Advice for staying connected
Whether your feelings of loneliness are fleeting or have been with you for a long time, it can be deeply emotional and overwhelming. Doing anything can seem hopeless, but trying to think positively, and taking the steps to help yourself out of loneliness can be useful. Remember, it’s not your fault you feel this way, and there is a way out.
Think about yourself
What's making you lonely?
If you’ve been feeling lonely for a while, the first step is to recognise it and try to understand what has caused it. The reason may be more clear, for example, if you’ve lost a lifelong partner, being without them will obviously have an impact.
Loneliness is common in later life. Friends and partners grow old and pass away, and your family are living their own lives - you can’t bother them with your problems. You’ll be fine, you think, but actually, you haven’t spoken to anyone in weeks and it’s starting to affect your well-being.
Think about what you would like more of - maybe you miss your family. If so, invite them to visit or call them for a conversation. When feeling lonely, it’s easy to believe people don’t want to see you, as they’re too busy. This is understandable, but often, people will accept an invitation to spend time with you.
Look after yourself
Your mental and physical health can be affected by loneliness, so try to look after yourself. If you are able, go for walks and move your body regularly. Eating well and keeping active can help maintain good well-being and can help you to relax more in your own company.
Loneliness can be all-consuming and your days can blend into a never-ending, painful experience. Try to establish a routine, get up in the morning and have breakfast, spend time outside and speak to people where you can.
Make new connections
The simplest way to ease feelings of loneliness is to socialise more. This may sound obvious, but trying to reach out and meet new people can really change a life. Think if there is anything you’re particularly interested in; an activity group or class in your area, that could help you meet new, like-minded people.
When you’re older and retired, it can feel like you’re out of options, but if you’re able, why stop? If you’re feeling lonely, take a look at local volunteering opportunities. Volunteering is a great way to meet people and socialise, and helping others can make you feel good.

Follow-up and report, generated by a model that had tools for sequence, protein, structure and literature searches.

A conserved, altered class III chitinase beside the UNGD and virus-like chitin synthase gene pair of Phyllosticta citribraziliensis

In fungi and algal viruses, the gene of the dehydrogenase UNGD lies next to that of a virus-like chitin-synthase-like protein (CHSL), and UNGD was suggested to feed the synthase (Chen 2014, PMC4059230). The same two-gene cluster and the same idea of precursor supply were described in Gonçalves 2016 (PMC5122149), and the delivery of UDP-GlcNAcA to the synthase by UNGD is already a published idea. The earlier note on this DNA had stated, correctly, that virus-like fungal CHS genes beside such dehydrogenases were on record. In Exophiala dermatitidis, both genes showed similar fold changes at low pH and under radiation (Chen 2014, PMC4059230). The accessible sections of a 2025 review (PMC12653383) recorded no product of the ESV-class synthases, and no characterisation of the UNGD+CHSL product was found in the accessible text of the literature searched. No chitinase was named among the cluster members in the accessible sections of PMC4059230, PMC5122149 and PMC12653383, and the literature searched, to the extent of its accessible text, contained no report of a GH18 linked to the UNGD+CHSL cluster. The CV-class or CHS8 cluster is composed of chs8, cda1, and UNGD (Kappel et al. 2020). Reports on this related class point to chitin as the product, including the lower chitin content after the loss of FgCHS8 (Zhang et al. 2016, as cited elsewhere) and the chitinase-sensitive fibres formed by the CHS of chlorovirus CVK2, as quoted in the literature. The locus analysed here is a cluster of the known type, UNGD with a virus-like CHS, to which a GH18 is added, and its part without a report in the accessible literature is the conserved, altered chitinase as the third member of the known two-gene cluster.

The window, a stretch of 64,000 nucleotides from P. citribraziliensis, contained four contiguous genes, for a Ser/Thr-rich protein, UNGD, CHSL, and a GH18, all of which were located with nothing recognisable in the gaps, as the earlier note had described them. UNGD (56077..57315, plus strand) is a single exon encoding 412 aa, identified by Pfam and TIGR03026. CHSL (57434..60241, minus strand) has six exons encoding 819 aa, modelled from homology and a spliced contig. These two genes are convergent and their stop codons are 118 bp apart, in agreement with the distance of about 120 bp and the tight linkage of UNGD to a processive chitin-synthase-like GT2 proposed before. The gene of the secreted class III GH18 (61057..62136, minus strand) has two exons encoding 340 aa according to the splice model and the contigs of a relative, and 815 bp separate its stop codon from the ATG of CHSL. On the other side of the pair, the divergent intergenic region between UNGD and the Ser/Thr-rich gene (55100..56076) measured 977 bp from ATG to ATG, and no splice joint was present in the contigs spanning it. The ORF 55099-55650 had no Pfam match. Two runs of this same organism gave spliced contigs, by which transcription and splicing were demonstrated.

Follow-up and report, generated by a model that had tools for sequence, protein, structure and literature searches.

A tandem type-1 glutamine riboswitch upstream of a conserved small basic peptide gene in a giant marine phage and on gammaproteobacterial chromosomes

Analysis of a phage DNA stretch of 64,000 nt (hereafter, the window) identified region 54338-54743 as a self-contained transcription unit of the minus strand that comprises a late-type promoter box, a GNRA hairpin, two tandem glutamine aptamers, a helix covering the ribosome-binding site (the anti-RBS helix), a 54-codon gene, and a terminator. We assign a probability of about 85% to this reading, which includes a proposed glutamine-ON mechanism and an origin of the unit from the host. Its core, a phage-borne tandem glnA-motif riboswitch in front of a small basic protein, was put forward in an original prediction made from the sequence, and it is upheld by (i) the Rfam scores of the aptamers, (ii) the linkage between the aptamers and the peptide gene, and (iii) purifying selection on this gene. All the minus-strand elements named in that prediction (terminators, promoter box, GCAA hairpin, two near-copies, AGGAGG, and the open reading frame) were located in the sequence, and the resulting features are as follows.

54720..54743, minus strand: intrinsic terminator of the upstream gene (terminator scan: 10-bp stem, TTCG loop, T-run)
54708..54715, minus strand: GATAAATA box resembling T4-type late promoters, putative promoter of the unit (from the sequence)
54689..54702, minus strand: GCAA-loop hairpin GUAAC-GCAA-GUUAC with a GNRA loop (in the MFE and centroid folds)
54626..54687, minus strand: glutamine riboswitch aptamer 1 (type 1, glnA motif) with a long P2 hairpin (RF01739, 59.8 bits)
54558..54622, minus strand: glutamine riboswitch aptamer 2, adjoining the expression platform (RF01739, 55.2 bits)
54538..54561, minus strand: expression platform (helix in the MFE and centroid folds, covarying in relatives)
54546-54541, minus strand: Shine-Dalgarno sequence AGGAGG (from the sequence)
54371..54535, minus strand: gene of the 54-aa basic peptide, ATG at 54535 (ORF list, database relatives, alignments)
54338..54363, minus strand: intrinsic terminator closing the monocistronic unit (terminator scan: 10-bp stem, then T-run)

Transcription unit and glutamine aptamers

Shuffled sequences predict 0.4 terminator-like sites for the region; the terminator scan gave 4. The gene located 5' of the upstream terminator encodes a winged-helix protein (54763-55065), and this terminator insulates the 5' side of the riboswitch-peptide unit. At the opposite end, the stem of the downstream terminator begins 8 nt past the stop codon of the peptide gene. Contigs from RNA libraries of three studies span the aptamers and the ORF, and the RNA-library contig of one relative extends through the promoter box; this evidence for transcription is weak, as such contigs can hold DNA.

Take it slow
Reaching out isn’t easy and taking things into your own hands can be daunting. If you’re not ready to jump straight in, take it a little slower. Start by going to the cinema or a cafe with a book; somewhere you can be around people, but not expected to talk to them.
If you’re interested in joining a class or a group, there’s no harm in calling whoever runs it and asking questions. Or, consider joining a class that doesn’t necessarily run on conversation - a creative event, where people are focused on what they’re doing, rather than those around them.
Talk about how you’re feeling, can anyone help?
Do people know how you feel? You may have plenty of friends and family, but if they don’t know how you’re feeling, they may not realise how much you need them. It’s not easy, but opening up to loved ones can really help. Remember, there is no shame in feeling lonely.
If you’re not comfortable opening up to family, consider speaking to someone less involved. Perhaps a friend, through an online community or even a professional.
Get some help if needed
If it’s affecting your mental and physical health, it might be time to consider professional support.
You don’t have to go through this alone. As lonely as you feel, there will always be someone to talk to. If you need a helping hand or are worried about your health, talk to someone.
What our experts say
- Talking to the little you
Penny Wright Registered MBACP22nd December, 2017
- Connection is key in December
Mandie Howard Dip Counsellor, MBACP (Reg)13th December, 2017
- Mental health and the holiday Christmas spirit
Sandra Williams: Diploma in Transactional Analysis Psychotherapy,Reg: MBACP9th December, 2017
- Time? What are your priorities?
Carole Howells CHanges Counselling Support6th December, 2017
- Christmas is coming
Nikki Shephard (FdSc, MBACP)3rd December, 2017
- Mental health at work
Graeme Orr MBACP(Accred), UKRCP Reg. Ind. Counsellor17th November, 2017